Going home

After spending several weeks on the road supporting Runrig Malachy starts the long journey home from

Having been in England touring for the past three weeks, it felt good to be on the way home again.

I took the nine o’clock train on Wednesday morning from London King’s Cross and gazed out of the window as we rolled northwards towards Edinburgh. The clutter and bustle of the city soon gave way to green, and the urban interventions grew increasingly infrequent the closer to Scotland we became.

A dense haze lay over much of the country, covering fields and towns, and cloaking Durham cathedral in a strange half-light which made that city seem hardly real at all. And when the sea finally appeared, just south of the border, the horizon too was disguised, so it was hard to discern where the water ended and the sky began. It was a relief though to have it there – the cold North Sea – alongside the train, and I felt somehow more relaxed to see it, and to feel the space open up beyond the shore.

From Edinburgh I took a second train, continuing onwards to Aberdeen. The route follows the east coast, passing small seaside towns and villages on its way, as well as the cities of Perth and Dundee. It is a pleasant journey, and one which I have taken dozens of times over the years. Here the air was clearer and the sky blue. The horizon was now sharp as a knife edge.

Getting to Shetland can be done quickly or slowly – by air or by land and sea. I prefer the slow route. For one thing it is more comfortable; the hours spent on the train from London were relaxing, if not exactly luxurious, and the ferry journey north from Aberdeen can be enjoyable if the weather behaves, as it did this night.

It is good, also, to be reminded of just how far away from things we really are – from the noise and the dirt and the chaos of London in particular. Seven hours on a train, then 12 on a ferry, are enough to give a real sense of distance and, I think, of perspective. Travelling by plane makes it all seem too easy, and too close.

The boat arrived in Lerwick at 7.30 on Thursday morning, just as light was beginning to descend on the town. A pale sky of pink and blue in the southeast was just fading towards daylight as I walked from the ferry terminal towards the town centre.

At this time of year there is no way of getting to Fair Isle on a Thursday, which meant I had a day’s wait in Lerwick before my Friday morning flight. Or, at least, that was the plan. But Friday dawned grey and dark, with a south-westerly gale still raging from the previous night, and all plans were suddenly worthless.

Phoning the airport at regular intervals during the day for updates on the weather situation, I could hear an infectious lack of optimism in the voice of the woman I spoke to. And though the wind did ease during the morning, the change was accompanied by clouds descending and rain increasing. So when I was finally told at three o’clock to get myself to the airport as quickly as possible, I could hardly believe we would be getting home after all.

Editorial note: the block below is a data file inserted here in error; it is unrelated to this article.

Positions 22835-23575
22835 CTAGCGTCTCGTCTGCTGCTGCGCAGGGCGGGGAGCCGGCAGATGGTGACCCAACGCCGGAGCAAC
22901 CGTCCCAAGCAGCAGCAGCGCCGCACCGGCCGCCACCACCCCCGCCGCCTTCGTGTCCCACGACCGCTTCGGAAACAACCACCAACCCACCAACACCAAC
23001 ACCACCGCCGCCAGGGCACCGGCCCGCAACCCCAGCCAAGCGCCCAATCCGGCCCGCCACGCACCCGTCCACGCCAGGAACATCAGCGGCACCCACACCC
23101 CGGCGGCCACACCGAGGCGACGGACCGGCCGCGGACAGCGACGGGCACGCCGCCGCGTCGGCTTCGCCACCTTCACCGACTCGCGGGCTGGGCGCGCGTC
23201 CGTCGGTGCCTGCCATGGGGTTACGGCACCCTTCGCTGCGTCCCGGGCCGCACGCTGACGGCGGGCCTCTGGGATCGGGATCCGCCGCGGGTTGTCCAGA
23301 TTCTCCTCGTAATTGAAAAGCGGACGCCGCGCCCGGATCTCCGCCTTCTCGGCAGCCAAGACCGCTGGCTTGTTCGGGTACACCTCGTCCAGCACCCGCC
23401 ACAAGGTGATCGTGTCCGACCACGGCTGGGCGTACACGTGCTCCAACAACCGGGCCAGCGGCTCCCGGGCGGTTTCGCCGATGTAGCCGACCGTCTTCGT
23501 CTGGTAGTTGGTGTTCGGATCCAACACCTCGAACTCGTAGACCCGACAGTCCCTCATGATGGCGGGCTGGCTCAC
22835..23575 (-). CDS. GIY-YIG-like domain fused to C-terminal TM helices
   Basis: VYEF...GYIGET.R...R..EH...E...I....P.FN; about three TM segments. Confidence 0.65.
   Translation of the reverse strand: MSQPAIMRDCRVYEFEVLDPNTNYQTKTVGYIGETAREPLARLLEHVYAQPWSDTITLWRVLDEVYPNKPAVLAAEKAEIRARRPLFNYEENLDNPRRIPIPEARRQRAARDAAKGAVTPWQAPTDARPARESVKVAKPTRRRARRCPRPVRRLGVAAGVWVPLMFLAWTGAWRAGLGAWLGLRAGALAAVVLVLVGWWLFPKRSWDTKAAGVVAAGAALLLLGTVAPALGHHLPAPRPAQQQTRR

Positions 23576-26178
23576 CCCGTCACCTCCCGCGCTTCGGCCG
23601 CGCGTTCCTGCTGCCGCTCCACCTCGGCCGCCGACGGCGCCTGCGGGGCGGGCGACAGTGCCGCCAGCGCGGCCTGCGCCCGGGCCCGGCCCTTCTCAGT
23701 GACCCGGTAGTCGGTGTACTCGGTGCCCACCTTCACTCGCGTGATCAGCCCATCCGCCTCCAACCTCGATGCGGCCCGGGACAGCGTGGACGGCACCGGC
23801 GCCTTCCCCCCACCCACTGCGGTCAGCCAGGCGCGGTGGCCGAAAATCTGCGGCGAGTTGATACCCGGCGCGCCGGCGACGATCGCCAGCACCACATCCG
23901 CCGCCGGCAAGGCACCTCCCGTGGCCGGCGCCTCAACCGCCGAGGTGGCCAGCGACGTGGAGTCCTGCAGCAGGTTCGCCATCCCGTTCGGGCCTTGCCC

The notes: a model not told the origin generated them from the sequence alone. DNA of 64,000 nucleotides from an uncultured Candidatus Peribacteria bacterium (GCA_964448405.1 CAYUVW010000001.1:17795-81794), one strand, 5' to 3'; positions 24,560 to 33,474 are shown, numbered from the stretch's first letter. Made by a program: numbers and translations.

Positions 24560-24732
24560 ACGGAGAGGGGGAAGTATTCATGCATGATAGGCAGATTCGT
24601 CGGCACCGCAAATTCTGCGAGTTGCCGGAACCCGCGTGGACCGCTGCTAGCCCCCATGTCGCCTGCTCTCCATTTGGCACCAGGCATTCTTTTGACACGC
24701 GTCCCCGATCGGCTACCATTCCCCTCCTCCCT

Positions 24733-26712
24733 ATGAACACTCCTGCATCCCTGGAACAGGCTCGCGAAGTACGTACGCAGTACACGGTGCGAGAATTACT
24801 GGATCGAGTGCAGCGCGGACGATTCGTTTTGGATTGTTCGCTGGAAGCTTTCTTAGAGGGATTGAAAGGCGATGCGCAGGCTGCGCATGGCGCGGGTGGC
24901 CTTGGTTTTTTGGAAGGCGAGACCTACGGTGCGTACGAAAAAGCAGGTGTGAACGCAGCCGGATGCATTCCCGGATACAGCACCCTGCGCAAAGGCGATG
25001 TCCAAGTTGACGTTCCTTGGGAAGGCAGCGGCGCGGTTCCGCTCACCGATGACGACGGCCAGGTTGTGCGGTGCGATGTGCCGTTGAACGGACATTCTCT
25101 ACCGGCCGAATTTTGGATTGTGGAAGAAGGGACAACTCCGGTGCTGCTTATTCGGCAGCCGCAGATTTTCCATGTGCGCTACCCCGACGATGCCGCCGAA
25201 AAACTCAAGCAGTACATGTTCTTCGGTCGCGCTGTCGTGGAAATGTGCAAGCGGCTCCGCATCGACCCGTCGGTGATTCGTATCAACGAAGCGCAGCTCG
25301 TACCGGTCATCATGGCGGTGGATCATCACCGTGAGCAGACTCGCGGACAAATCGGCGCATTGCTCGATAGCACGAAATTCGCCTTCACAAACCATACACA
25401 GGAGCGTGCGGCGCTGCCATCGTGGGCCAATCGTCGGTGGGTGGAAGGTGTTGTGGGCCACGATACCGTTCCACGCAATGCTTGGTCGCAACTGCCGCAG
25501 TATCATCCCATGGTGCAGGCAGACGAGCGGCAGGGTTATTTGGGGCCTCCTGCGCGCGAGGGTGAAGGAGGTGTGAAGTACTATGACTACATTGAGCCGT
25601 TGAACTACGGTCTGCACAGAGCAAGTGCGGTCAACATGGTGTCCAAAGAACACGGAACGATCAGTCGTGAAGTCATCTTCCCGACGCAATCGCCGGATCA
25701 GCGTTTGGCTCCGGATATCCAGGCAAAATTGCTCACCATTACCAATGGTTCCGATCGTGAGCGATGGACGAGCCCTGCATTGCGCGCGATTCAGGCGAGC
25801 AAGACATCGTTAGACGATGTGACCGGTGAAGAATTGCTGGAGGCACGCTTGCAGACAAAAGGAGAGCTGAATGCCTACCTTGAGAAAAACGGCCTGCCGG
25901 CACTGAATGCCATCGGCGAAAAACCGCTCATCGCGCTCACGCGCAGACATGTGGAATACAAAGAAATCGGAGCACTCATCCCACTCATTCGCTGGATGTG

I was right. We didn’t. The clouds lifted briefly, and then descended once again. The flight was cancelled.

So I’m sitting writing this in a friend’s living room in Lerwick, with the rain still battering the window. The next flight will be Monday morning; though, again, the weather doesn’t look promising. On days like these, distance can suddenly lose its appeal.

Malachy Tallack is 26 and lives in Fair Isle. He is a singer-songwriter, journalist, and editor of the magazine Shetland Life.
Show Hide image

An unmatched font of knowledge

Edinburgh’s global reputation as a knowledge economy is rooted in the performance and international outlook of its four universities.

As sociologist-turned US Senator Daniel Patrick Moynihan recognised when asked how to create a world-class city, a strong academic offering is pivotal to any forward-looking, ambitious city. “Build a university,” he said, “and wait 200 years.” He recognised the long-term return such an investment can deliver; how a renowned academic institution can help attract the world. However, in today’s increasingly globalised higher education sector, world-class universities no longer rely on the world coming to come to them – their outlook is increasingly international.

Boasting four world-class universities, Edinburgh not only attracts and retains students from around the world, but also increasingly exports its own distinctively Scottish brand of academic excellence. In fact, 53.9% of the city’s working age population is educated to degree level.

In the most recent QS World University Rankings, the University of Edinburgh was named as the 21st best university in the world, reflecting its reputation for research and teaching. It’s a fact reflected in the latest UK Research Exercise Framework (REF), conducted in 2014, which judged 96% of its academic departments to be producing world-leading research.

Innovation engine

Measured across the UK, annual Gross Value Added (GVA) by University of Edinburgh start-ups contributes more than £164m to the UK economy. In fact, of 262 companies to emerge from the university since the 1960s, 81% remain active today, employing more than 2,700 staff globally. That performance places the University of Edinburgh ahead of institutions such as MIT in terms of the number of start-ups it generates; an innovation hothouse that underlines why one in four graduates remain in Edinburgh and why blue chip brands such as Amazon, IBM and Microsoft all have R&D facilities in the city.